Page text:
FROM Aaron Kesselheim
An old drug gets a ridiculously high price….again Are incentives for so-called "orphan drugs" being misused to jack up the price of one medication by 4000 percent? Photo by Chris Potter A rare form of muscular dystrophy has long been treated in the US by a steroid imported from overseas at a price of $1200 a year. Now the FDA has approved its manufacture and distribution in this country by the drug company Marathon. The new price is $89,000 a year — reduced to $54,000 after rebates and discounts. We get perspective from Carolyn Johnson, who covers the business of medicine for the Washington Post , and Dr. Aaron Kesselheim, a professor of medicine at Harvard, where he's also Director of the program on Regulation, Therapeutics and Law.
Doctors, Drug Companies and Transparency In an effort to get doctors to prescribe their drugs to patients, drug makers spend billions of dollars a year on meals, speaking and consulting fees, and other perks for physicians. Today, a new government database goes online that will list the money pharmaceutical companies spend on doctors.
Why Don't Facts Matter? "Fake News" may have a long history, but social media and 21st Century politics have brought it front and center. One reason for its appeal and its power is the tendency of so many people to cling to their beliefs — even when confronted with contradictory evidence. Today, another look at the Emotional States of America.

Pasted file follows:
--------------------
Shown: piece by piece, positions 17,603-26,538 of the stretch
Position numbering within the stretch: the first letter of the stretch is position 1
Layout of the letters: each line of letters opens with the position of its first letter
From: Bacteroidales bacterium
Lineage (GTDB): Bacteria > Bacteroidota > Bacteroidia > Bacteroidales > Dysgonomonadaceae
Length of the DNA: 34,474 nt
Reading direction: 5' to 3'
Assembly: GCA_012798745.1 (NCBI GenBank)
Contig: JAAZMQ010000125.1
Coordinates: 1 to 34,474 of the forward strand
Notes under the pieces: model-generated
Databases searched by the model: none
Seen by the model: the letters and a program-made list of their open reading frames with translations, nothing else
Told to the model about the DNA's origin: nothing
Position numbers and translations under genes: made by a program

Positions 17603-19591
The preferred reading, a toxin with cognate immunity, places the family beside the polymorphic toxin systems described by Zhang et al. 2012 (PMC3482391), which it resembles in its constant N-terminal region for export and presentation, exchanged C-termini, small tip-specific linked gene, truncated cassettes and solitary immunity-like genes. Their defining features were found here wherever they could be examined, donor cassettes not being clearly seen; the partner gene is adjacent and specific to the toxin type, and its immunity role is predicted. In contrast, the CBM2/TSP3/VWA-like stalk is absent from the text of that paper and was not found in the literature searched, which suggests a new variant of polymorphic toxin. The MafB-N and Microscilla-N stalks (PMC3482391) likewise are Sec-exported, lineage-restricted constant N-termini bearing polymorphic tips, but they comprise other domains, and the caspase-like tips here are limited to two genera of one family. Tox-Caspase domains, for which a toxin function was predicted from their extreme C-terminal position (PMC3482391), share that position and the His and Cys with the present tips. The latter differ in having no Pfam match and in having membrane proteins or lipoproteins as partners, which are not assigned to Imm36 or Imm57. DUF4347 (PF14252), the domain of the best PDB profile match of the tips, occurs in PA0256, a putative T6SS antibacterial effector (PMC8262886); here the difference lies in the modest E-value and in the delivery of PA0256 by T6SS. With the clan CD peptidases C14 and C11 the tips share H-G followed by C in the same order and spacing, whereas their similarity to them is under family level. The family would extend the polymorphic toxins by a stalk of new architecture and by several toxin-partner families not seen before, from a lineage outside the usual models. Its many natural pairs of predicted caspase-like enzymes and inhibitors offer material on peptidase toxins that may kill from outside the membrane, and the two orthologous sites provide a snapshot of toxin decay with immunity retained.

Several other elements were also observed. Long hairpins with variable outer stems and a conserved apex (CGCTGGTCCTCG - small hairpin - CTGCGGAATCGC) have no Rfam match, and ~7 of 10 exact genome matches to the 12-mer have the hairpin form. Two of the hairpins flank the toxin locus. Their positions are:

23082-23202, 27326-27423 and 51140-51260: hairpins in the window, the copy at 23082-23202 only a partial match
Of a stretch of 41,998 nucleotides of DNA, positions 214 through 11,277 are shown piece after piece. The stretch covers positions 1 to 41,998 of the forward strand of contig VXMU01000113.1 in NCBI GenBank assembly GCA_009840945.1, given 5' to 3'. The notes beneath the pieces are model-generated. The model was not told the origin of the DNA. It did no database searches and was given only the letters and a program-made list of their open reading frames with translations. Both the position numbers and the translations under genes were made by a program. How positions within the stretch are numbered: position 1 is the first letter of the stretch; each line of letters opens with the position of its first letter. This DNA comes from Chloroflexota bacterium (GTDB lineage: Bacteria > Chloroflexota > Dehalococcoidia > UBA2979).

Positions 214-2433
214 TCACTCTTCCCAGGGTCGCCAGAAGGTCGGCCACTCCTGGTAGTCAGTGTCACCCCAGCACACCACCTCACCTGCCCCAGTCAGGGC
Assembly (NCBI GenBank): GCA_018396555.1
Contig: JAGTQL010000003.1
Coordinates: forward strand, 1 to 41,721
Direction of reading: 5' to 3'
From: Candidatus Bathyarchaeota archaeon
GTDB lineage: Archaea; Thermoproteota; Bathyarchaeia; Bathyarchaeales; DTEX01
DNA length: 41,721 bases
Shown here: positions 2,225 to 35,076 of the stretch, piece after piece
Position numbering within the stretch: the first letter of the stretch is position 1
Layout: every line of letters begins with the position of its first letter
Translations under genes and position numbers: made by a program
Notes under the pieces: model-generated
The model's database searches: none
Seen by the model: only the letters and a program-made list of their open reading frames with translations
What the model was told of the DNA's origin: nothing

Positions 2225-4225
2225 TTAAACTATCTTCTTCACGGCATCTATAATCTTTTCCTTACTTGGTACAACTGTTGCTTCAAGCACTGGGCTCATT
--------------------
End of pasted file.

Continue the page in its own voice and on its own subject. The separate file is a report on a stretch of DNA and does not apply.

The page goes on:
Nuclear crisis on the Korean Peninsula slowly coming to a head North Korea did not conduct a nuclear test this weekend, but it did show apparent progress in developing a missile that that could strike the United States. The Trump Administration says it has lost its "strategic patience." We hear what that might -- or might not -- mean for North Korea, China and the prospects for diplomacy.
Trump's ethical conflicts pile up as transparency diminishes President Trump's refusal to reveal his income tax returns is just one example of a lack of transparency that could be hiding conflicts of interest. Other conflicts are already obvious from his appointments. And he's being sued for using his job to increase his profits.
"Tough on crime" rhetoric sees a revival at Sessions' DOJ The pendulum swings between treatment-focused approaches to drug abuse and tough law enforcement. Now, after years of Obama-era "reforms," President Trump’s Attorney General, Jeff Sessions wants local police freed from federal restrictions to fight another "war on drugs."